Although he’s been out of the band for more than a decade, Gramm continues to write, record and tour the arsenal of Foreigner hits with his Lou Gramm band. And as Foreigner prepares to celebrate their 40th anniversary with a new tour this summer, there’s word that Gramm will once again be joining Jones at a yet-to-be-determined Foreigner show.

I recently spoke with Gramm and his guitarist, Michael Staertow, about Foreigner, Lou’s solo career, music, gear and more.

This year marks the 40th anniversary of the first Foreigner album. When you look back at that album now with so much perspective what thoughts come to mind?

GRAMM: Working with Mick [Jones] was a very creative situation, and I remember how much fun it was to write those songs and record them. Even when we weren’t at our most imaginative; instead of just putting everything away, we plugged along, putting down different ideas. Before long, we were right back swinging again. It was a very positive time.

Can you tell me the origin of the song, “Long, Long Way From Home”?

GRAMM: That was the very first song Mick and I wrote together. He would always play me cassette tapes with guitar riffs and told me that if one of them tweaked my ear to let him know and we’d work on it. I heard that great guitar riff that started the song and we began working on the verse and B section. The chorus was a little tough to crack but we did. Lyrically, it’s the story of me coming to New York City.

There’s been talk of you joining Foreigner for their 40th anniversary tour this summer for at least one show. Can you confirm this?

GRAMM: Yes. It’s being planned. Right now, we’re trying to pick the best night and venue. I’m not at liberty to say where it could be, but I can say it’s going to be a ton of fun.

Read the rest of my
Interview with Lou Gramm & Michael Staertow Here!

Juke Box Hero: Lou Gramm Discusses New Autobiography and Foreigner

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Former Foreigner vocalist Lou Gramm pulls no punches in his new autobiography, Juke Box Hero.

In the book, which was co-written with Scott Pitoniak, Gramm leads readers on a journey from his humble beginnings in Rochester, New York, to the biggest stages in the world. He recounts his stint with Black Sheep, plus the ups and downs of working with guitarist Mick Jones in the band that made him famous.

From the diagnosis that nearly took his life to his solo career success and fascination for muscle cars, Gramm’s book is an honest portrayal of self-reflection from one of the greatest voices in rock history.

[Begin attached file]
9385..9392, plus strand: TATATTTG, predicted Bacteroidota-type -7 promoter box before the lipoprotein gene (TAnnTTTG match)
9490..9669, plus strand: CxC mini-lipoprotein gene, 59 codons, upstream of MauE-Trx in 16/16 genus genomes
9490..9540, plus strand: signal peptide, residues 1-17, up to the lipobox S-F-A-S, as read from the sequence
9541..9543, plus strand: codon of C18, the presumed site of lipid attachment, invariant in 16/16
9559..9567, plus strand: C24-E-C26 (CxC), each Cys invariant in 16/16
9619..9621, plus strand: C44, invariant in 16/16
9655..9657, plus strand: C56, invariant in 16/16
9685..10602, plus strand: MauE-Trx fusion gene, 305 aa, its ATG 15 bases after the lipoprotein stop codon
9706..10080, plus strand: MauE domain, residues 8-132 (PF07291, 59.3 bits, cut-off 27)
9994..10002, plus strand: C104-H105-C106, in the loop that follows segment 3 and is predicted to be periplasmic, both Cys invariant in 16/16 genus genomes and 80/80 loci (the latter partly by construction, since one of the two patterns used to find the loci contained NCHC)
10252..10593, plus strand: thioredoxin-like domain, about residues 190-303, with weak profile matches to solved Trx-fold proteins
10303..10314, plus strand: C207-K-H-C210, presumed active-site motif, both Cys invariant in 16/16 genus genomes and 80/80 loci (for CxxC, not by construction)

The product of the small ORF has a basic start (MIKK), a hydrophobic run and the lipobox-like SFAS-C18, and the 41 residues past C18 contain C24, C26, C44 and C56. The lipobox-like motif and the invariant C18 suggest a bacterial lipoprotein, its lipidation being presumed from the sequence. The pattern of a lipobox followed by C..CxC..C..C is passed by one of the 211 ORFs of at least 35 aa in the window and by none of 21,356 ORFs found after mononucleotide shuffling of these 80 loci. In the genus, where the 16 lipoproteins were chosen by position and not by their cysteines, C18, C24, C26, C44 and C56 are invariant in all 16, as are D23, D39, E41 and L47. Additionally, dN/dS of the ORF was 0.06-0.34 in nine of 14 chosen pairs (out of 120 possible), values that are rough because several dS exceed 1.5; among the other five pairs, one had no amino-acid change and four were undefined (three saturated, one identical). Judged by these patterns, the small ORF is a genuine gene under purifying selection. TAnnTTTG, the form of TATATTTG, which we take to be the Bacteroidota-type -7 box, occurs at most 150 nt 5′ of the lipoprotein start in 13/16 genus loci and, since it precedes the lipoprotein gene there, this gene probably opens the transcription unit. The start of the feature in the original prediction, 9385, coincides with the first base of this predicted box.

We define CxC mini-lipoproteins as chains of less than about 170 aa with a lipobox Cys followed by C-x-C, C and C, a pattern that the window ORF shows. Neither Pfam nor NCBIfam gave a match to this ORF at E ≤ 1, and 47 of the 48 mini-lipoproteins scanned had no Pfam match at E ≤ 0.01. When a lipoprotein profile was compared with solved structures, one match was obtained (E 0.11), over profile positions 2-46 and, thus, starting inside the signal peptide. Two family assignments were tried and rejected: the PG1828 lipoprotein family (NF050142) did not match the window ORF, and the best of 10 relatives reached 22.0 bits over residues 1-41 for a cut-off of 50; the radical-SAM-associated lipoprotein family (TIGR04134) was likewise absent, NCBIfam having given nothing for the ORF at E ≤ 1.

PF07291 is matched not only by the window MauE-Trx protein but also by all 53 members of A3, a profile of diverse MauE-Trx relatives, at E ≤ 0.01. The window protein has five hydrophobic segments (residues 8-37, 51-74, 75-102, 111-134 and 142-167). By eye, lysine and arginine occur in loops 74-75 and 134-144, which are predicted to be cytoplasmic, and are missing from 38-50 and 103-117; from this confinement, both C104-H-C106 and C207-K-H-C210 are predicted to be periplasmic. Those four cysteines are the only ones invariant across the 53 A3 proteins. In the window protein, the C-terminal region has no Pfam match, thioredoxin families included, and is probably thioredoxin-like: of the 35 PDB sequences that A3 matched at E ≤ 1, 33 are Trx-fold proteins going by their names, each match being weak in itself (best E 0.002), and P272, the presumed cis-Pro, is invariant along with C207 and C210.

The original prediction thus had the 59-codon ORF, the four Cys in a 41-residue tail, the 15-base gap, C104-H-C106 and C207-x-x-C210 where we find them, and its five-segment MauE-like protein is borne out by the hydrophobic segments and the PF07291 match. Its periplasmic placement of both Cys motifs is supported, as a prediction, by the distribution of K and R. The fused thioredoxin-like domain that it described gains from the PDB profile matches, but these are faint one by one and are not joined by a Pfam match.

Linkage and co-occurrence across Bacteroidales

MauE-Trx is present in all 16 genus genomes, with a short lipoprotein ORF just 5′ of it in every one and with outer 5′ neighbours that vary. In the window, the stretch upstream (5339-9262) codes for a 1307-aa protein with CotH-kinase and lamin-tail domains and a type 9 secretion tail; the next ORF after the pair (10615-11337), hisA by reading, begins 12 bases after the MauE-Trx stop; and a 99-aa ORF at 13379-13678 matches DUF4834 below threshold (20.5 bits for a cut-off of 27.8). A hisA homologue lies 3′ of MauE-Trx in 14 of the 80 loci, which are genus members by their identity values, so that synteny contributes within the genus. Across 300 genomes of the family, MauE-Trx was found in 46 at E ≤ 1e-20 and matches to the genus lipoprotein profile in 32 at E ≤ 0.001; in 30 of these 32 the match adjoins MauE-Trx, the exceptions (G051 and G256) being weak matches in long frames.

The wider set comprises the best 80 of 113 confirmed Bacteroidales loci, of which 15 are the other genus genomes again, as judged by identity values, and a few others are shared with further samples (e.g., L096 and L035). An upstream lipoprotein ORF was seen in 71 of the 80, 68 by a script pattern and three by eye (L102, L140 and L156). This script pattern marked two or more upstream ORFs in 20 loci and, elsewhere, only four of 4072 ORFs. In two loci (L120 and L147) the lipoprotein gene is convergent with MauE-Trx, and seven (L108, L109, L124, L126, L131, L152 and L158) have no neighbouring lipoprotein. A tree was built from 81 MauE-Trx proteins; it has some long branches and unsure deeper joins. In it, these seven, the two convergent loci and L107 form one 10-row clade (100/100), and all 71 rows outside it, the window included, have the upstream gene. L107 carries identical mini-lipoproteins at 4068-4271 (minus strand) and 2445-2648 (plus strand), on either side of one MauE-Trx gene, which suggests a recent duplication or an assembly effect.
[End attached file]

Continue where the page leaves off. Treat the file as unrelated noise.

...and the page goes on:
I had the pleasure of speaking with Gramm to discuss Juke Box Hero and get his thoughts on being inducted with Jones into the Songwriters Hall of Fame on June 13th.

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You Can read my complete Guitar World interview with Lou by Clicking Here!

Inside Information

The other day I finally got around to adding the $15 i-Tunes gift card I received for Christmas onto my i-Tunes account. I have to admit, although I do have a lot of songs in my playlist, most of which converted over from old CDs, I haven’t had much desire to purchase anything new as of late and hence my delay.

But with fifteen bucks beginning to burn a hole in my pocket I started perusing the list of what’s currently being classified as “hot” to see if anything struck my fancy. As expected, I began to become a bit discouraged.

Call me old (well, on second thought don’t) but I’m from an age where music and lyrics actually mean something. Having a robotic voice singing to a pre programmed beat and calling it music just doesn’t appeal to me.

And what’s with all these different versions of the same song? A song, and album for that matter, should always stand on it’s own. But yet I saw a listing of a current “hit” with no less than four different versions of the song to choose from: one done by the original artist, another a re-mix version with some rapper I never heard of, yet another version done for a Kidz Bop CD and finally one done by the cast of the TV show ‘Glee’… “This is Hot?” I asked myself. “More like cold. Cold as ice”.

Hmmm.

I typed “Foreigner’ into the search box and suddenly there she was again. The black and white album cover of the lady with one eye: Inside Information

I didn’t want to see the date it was released. I knew it was a long time ago. Ok, twenty-five years if you really must know. An album that sold 1.6 million copies worldwide and one that also has some history with me and suddenly I started to remember. This was just one example of an entire album that related to me.

It was a typical Friday night two dozen summers ago. High school was over and college had been delayed temporarily for me due a lack of funds. I was still living at home and spent most of my days working 9-5 for minimum wage in the receiving department of the local supermarket trying to save money and start my music education journey at community college.